New Zealand-based ReliefAid has a team based in Aleppo, many of them with their families. Like two million others who remain in Aleppo, they are now trapped in a besieged city amid escalating fighting. Only days ago they were distributing the last of a consignment of aid from international disaster relief agency ShelterBox, a total of 4,000 kits over the last six months, able to help over 24,500 people. The last 1,500 – a mix of life-saving essentials including water purification equipment, jerry cans, mats, solar lamps, tarpaulins, mosquito nets and kitchen sets – were delivered to families shortly after the closure of the arterial Castello Road cut Aleppo off from aid and from the outside world.

Executive Director of ReliefAid, Mike Seawright is in Turkey, and in constant touch with his team in Aleppo. Today he told Larry Williams of New Zealand’s ‘Newstalk ZB’ radio station, Yesterday alone my team reported 150 air strikes. I talk to my team on a daily basis, and they are part of the community. Their homes are getting hit, their markets are getting attacked. Last week our office was hit in a strike that was targeting the building next door.’ 

They hit the building beside us, and the effect of that is that we’ve had to move to a new location in the city. And literally two days later there was a gas attack on that neighbourhood. So nowhere is safe.’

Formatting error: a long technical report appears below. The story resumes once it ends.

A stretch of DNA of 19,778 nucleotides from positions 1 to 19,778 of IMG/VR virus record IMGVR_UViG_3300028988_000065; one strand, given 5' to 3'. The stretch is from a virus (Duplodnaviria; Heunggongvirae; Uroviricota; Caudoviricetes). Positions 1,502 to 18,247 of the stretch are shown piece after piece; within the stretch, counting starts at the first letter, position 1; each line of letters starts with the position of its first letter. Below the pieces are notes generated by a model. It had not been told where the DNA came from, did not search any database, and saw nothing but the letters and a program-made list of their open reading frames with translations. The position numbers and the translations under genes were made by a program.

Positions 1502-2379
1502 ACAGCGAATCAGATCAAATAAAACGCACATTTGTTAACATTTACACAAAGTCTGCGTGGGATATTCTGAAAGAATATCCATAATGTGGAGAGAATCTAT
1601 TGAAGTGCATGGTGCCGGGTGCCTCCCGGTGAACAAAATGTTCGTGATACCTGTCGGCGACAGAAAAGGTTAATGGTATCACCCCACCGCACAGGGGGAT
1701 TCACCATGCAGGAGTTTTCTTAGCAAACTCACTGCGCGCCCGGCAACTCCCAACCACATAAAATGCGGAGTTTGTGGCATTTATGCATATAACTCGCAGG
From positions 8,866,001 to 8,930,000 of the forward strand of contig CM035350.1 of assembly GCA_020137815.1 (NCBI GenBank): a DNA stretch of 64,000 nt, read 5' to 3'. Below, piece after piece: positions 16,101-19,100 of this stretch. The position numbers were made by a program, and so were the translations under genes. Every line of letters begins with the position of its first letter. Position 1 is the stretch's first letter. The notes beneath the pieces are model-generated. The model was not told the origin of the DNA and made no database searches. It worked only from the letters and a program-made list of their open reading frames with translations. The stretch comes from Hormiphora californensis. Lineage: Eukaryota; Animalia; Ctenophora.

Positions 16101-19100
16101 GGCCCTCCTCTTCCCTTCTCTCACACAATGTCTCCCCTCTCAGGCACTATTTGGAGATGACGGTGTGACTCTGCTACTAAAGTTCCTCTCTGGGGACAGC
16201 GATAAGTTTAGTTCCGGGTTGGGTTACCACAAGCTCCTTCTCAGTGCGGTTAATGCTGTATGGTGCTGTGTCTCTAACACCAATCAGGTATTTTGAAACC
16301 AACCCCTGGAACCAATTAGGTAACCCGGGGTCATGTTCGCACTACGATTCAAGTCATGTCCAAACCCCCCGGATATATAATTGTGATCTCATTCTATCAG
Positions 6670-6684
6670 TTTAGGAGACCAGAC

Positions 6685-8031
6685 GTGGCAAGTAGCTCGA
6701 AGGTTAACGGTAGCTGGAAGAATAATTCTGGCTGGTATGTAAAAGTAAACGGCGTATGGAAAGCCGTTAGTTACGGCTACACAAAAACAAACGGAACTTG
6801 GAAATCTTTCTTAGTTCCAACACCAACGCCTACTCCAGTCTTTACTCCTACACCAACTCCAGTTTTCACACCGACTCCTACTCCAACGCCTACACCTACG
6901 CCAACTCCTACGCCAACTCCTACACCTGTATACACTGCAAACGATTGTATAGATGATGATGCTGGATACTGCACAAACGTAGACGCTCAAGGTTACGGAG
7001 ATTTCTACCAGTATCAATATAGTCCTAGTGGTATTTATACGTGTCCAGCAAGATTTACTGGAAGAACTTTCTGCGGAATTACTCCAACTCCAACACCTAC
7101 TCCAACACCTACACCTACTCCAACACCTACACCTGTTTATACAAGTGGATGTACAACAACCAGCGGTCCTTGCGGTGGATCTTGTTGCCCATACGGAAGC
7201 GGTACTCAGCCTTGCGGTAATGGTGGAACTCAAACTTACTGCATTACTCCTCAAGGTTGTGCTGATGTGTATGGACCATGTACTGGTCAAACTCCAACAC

‘And in some cases first responders, for example the ‘white helmets’ who go and get people out of buildings after they’ve been attacked and destroyed, appear to have been deliberately targeted in follow-up attacks. There is no respect for the humanitarian space inside Aleppo city.

Mike reports a conversation with one of the ReliefAid team that paints a bleak picture. ‘My team have families within the city. There has been a complete loss of faith in the international community to react to what has been a systematic campaign to destroy east Aleppo. I was talking to one of my team and his view, which is very pessimistic, is that we are waiting to die. Waiting for our tomb, for when the air strike hits us.’           

World Humanitarian Day is marked every year with events held around the world. Under the banner of ‘One Humanity’ the UN and its partners hope to inspire greater global action for the 130 million people affected by conflict and disaster.